Botswana confounds many people’s opinions of Africa. Although still a relatively young country (it gained its independence in 1966) it is a well-run, thriving democracy where the income from diamond mining and tourism is spent wisely.

Botswana is roughly the same size as Texas, but with the same population as Houston. (And rather than a lone star, the night skies of Botswana are fabled for their stellar displays of constellations). It’s a progressive nation, and is particularly forward-thinking when it comes to conservation: some 40% of Botswana’s land area is protected.

This adds up to Botswana being an awesome safari destination – safe and secure, and yet very wild in the best possible way. The beauty, scale and diversity of the landscapes will take your breath away, and while you’ll be sharing the savannah, swamps and woodlands with countless birds and animals, you won’t ever feel crowded. Botswana’s tourism policies manage visitor numbers for minimum ecosystem impact.

Botswana’s chief attraction is undoubtedly the Okavango Delta. Known as the “Jewel of the Kalahari”, this miraculous mosaic of wetlands, islands, floodplains and channels is revitalized each year by local rainfall, and by the annual inundation of water flowing down from the highlands of Angola.

With the water being regularly recharged, the Okavango can support very healthy populations of all the species you would want to see on safari, and consists of beautiful and dynamic landscapes. Unmissable experiences include game drives, walking safaris, and boat and mekoro (dug-out canoe) excursions.

While the Delta steals much of the limelight, the rest of Botswana should not be overlooked. The immense spaces of the Central Kalahari (a desert which blooms and comes to life after the rains) and the almost-lunar Makgadikgadi Pans will give your imagination unlimited space to roam, while the Chobe National Park is the focal point for Africa’s greatest concentration of elephants.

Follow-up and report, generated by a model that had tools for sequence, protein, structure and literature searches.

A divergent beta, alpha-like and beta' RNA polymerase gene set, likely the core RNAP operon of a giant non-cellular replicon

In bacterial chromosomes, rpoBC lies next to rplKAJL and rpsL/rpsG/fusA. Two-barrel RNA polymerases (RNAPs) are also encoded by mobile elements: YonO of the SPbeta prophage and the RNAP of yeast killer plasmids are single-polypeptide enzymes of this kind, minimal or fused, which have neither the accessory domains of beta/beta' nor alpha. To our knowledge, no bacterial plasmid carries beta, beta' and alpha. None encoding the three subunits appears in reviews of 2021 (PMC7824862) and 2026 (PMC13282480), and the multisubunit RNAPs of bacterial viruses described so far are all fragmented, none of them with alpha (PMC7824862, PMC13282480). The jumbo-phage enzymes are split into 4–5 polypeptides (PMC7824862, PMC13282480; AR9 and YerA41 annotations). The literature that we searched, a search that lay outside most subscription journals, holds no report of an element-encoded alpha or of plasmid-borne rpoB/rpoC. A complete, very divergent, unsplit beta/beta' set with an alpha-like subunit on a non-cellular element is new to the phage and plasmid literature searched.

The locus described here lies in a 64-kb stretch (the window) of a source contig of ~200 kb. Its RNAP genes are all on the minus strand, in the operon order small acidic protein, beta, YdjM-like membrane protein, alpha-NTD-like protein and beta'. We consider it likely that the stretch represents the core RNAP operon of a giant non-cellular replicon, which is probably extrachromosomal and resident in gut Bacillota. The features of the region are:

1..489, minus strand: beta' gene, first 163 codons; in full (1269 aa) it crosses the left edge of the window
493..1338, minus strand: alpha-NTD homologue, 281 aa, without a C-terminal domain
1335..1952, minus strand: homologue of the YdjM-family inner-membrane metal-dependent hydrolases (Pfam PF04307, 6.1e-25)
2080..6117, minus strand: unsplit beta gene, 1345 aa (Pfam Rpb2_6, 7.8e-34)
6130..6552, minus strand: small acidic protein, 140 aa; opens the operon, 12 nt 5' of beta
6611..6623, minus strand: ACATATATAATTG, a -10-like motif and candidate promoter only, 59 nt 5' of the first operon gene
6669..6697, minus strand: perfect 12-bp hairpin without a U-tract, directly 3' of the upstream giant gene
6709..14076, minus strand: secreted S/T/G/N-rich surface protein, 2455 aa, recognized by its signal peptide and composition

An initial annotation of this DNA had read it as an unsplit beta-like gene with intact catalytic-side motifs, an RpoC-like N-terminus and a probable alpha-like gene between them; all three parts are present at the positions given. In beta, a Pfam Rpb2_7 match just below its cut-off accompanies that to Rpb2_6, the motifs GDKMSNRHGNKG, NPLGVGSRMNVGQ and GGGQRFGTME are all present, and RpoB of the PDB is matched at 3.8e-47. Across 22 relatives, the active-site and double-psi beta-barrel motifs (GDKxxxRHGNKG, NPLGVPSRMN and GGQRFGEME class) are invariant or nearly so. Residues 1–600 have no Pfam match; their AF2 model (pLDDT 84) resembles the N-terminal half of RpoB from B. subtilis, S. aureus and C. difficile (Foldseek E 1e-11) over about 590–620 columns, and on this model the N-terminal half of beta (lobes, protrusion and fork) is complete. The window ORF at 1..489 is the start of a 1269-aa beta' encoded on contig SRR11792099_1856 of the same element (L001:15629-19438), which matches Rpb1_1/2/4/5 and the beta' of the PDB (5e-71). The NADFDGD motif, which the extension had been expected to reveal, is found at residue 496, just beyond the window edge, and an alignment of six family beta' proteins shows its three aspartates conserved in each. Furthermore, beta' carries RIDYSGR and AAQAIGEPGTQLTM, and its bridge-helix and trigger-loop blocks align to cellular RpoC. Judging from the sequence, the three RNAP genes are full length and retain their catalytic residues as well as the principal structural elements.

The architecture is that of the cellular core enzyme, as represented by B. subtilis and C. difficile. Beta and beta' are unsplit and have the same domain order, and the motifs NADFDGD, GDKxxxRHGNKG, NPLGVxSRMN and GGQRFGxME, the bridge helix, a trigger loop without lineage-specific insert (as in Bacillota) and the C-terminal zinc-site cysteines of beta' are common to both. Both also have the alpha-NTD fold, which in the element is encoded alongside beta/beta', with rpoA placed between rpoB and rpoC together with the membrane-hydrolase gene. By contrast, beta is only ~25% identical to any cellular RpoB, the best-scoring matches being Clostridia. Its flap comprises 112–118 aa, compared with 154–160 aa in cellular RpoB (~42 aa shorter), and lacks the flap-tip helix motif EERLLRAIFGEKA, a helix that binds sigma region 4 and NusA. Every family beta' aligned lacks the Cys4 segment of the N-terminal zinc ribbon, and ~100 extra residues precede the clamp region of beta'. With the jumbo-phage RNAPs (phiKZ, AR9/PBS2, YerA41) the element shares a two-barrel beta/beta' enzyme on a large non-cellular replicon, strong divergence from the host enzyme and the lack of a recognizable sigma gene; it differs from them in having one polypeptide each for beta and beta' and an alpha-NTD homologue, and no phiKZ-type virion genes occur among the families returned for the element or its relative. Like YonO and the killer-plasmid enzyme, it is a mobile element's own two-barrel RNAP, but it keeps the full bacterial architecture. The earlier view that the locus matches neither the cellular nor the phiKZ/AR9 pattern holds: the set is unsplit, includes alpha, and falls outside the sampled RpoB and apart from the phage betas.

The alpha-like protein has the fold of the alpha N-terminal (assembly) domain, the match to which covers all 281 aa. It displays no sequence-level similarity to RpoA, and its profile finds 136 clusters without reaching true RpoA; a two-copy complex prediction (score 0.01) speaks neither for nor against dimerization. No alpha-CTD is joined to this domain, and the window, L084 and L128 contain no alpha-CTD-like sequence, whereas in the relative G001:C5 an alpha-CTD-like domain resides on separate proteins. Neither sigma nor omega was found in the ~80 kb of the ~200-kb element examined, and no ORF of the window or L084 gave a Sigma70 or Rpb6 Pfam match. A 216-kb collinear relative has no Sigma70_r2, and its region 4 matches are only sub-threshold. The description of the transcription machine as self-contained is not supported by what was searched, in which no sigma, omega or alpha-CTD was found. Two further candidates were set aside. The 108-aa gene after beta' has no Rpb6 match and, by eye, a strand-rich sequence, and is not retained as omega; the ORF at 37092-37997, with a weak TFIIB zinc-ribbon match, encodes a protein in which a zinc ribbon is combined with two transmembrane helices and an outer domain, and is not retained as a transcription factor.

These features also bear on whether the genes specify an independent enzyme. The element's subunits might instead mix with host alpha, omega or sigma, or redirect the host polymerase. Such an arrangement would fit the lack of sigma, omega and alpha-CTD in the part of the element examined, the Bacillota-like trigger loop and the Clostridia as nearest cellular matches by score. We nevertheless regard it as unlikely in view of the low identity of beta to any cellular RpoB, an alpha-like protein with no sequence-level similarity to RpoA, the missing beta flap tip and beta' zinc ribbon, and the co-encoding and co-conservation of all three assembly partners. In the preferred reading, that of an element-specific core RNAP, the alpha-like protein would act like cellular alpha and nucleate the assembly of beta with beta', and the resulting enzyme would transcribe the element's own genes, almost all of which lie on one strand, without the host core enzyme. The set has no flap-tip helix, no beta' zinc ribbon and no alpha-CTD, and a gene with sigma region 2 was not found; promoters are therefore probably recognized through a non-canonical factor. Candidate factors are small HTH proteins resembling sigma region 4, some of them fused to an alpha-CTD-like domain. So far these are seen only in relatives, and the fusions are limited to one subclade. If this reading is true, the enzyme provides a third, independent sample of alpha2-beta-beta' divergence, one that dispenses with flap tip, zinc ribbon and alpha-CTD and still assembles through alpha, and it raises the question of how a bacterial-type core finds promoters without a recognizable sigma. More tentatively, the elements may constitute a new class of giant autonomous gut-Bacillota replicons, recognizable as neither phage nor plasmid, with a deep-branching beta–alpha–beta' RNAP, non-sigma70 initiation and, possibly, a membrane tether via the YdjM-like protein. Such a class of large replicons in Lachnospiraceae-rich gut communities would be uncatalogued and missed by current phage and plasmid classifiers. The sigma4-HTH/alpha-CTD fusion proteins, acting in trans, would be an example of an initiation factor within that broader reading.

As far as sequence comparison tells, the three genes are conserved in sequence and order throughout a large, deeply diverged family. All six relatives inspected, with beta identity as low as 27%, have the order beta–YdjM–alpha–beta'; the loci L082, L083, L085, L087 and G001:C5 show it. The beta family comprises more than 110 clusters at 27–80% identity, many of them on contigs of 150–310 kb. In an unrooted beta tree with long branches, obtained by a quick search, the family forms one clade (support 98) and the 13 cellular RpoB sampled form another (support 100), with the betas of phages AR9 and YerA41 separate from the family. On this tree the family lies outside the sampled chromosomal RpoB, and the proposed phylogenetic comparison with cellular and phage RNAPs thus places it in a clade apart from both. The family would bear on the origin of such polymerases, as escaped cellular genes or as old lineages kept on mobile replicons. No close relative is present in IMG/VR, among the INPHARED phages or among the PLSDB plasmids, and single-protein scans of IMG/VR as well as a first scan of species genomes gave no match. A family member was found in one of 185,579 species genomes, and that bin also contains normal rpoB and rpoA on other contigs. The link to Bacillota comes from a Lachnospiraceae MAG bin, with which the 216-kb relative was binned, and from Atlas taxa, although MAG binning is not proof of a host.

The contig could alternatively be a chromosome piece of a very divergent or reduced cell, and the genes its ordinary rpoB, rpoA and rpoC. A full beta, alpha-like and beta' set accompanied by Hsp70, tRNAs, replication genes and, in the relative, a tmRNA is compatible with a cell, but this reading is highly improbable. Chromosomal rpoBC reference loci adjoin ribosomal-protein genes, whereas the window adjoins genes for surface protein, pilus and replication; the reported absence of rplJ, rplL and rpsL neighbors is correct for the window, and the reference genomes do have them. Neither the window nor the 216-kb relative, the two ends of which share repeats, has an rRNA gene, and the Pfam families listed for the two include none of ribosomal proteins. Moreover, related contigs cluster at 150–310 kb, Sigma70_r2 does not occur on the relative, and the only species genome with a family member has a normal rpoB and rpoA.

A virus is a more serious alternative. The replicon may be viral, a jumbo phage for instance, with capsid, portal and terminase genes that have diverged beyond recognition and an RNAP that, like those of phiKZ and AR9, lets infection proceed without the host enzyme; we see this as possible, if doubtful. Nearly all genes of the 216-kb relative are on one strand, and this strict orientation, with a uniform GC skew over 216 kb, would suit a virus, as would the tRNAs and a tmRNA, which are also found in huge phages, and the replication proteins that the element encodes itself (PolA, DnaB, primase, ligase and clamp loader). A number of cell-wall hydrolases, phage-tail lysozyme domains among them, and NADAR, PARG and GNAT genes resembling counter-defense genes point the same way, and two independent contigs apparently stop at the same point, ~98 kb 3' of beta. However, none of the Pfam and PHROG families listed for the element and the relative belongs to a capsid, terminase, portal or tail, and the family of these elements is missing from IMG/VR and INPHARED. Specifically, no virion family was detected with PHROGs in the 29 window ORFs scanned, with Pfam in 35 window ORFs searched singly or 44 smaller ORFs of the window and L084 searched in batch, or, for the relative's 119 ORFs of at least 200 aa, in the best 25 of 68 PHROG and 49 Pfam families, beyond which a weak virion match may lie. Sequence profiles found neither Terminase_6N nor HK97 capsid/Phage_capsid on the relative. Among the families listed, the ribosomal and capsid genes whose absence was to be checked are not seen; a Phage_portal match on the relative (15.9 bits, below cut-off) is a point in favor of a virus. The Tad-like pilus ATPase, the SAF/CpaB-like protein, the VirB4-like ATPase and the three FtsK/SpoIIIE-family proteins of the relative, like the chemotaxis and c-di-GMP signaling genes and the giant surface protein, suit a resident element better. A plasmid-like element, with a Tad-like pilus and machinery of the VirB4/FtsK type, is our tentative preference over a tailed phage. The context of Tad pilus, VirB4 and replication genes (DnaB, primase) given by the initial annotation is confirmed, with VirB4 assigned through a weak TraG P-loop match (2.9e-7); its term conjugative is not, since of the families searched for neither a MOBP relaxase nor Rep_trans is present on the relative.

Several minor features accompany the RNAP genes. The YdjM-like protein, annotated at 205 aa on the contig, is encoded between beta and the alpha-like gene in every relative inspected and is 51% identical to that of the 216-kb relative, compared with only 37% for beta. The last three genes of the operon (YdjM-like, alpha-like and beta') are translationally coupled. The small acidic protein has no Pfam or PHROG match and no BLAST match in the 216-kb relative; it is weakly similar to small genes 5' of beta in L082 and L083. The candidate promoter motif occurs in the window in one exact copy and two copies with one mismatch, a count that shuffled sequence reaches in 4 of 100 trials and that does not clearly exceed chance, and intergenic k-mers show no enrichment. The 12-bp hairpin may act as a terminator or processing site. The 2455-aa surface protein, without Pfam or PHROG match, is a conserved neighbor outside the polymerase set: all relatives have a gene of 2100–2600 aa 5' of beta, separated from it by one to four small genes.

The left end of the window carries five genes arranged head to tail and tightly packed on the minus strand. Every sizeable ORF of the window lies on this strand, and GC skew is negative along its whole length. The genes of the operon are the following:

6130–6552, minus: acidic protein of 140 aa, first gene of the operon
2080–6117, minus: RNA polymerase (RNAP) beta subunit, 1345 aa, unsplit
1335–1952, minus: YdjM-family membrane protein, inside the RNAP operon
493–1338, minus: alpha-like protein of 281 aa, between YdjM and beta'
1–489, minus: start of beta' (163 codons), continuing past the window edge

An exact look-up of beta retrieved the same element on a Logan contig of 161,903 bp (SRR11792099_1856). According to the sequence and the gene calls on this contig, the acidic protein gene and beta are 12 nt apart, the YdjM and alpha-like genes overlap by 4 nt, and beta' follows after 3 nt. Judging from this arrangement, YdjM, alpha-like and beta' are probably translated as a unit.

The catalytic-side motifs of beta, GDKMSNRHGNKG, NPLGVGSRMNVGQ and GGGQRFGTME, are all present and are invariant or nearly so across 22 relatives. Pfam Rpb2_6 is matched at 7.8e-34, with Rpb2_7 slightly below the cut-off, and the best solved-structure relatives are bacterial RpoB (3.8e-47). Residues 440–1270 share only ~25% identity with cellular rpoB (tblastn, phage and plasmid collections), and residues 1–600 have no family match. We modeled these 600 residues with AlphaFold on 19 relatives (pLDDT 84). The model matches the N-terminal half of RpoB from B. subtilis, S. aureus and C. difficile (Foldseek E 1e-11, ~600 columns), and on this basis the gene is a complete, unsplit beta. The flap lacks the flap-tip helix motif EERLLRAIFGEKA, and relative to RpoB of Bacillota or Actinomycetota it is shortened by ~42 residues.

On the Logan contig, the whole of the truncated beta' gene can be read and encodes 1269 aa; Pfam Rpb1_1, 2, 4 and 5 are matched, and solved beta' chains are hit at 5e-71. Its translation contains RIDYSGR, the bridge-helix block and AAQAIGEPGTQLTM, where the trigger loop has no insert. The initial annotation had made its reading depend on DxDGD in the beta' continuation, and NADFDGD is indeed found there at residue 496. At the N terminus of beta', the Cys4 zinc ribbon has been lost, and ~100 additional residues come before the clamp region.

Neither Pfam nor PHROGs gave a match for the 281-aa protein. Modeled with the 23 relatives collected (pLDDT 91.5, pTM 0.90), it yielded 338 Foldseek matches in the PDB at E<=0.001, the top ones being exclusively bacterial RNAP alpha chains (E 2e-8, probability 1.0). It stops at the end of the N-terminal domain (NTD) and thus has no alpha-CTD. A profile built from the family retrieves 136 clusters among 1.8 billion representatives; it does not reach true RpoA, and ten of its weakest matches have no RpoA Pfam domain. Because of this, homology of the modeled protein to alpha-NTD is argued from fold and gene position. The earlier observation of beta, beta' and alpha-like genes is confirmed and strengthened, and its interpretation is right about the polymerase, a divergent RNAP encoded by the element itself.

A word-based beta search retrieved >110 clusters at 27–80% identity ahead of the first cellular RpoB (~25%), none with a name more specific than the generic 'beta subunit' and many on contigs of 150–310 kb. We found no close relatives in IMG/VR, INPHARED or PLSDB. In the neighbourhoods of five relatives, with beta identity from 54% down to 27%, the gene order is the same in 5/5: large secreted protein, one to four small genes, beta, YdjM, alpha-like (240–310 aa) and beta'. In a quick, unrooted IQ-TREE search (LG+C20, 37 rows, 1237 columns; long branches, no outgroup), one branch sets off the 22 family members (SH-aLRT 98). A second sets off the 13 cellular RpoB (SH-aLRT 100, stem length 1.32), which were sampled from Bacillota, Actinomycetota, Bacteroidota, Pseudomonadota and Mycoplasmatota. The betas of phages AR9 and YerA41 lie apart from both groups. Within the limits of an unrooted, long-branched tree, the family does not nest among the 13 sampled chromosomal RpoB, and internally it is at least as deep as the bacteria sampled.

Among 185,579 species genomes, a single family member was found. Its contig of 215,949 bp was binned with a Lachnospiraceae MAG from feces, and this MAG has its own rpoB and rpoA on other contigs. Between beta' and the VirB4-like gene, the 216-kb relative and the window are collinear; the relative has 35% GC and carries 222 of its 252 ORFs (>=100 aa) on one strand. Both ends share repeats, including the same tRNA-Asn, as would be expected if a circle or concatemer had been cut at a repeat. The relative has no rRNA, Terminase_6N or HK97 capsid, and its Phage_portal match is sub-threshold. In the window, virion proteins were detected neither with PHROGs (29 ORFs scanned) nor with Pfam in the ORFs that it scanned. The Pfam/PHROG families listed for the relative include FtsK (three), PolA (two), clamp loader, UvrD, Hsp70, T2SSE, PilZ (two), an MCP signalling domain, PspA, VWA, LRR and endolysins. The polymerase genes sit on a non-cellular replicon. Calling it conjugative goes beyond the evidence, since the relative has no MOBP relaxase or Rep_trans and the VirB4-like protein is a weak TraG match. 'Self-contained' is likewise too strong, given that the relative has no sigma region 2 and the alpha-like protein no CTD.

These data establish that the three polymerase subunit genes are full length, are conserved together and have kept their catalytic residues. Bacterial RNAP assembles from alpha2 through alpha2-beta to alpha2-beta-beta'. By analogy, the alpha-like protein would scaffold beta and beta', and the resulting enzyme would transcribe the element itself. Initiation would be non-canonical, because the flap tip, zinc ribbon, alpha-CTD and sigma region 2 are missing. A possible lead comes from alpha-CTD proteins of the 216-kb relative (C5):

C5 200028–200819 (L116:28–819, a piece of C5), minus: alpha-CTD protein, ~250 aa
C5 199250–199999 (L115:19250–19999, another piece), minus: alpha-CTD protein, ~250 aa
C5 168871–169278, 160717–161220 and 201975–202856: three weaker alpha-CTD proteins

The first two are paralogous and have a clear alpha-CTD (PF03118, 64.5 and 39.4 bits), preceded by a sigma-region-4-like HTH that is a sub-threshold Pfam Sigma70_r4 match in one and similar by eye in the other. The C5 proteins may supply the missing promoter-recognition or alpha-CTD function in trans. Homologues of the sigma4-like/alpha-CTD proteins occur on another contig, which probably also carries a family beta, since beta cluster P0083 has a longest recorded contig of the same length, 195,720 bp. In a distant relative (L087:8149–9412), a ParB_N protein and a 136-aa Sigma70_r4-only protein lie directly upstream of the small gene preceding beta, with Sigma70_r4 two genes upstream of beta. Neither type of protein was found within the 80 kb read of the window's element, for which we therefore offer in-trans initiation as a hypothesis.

Cultural experiences include the opportunity to walk with the Bushmen (or San) and learn some of their survival secrets, and evenings spent listening to harmonious traditional a cappella singing. Intricately woven baskets make wonderful, baggage-allowance friendly souvenirs – and you should be sure to leave some space in your heart for all the wonderful memories you’ll make during your time in Botswana.

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Travel Information


Electrical sockets (outlets) in Botswana are the "Type M " South African SABS1661 ("Large" 15 amp BS-546) sockets. If your appliance's…

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Currency – Botswana's currency is Pula (which means 'rain' in Setswana). It is divided into 100 thebe (which means 'shield'…

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Visitors are advised to drink bottled or filtered water. Filtered water is available at most camps and shops offer bottled water. – Milk is pasteurised,…

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Botswana's climatic pattern is typical of southern Africa, although its rainfall is less than countries further east. The rains in Botswana come mostly…

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Public transport in Botswana is geared towards the needs of the local populace and is confined to main roads between major population centres. Although…

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In summer, lightweight, lightcoloured cottons are preferable. Avoid synthetic materials and black clothing, as they increase perspiration and discomfort….

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Please consult your health-care provider 4-6 weeks prior to travel to ensure you are receiving all required vaccinations, and that the medication has enough…

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ENTRY REQUIREMENTS – Passport – Passports must be valid for at least 6 months beyond the intended departure date. Please ensure you have…

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Language – The national language is Setswana; however, the official language is English. – Public Holidays – The dates…

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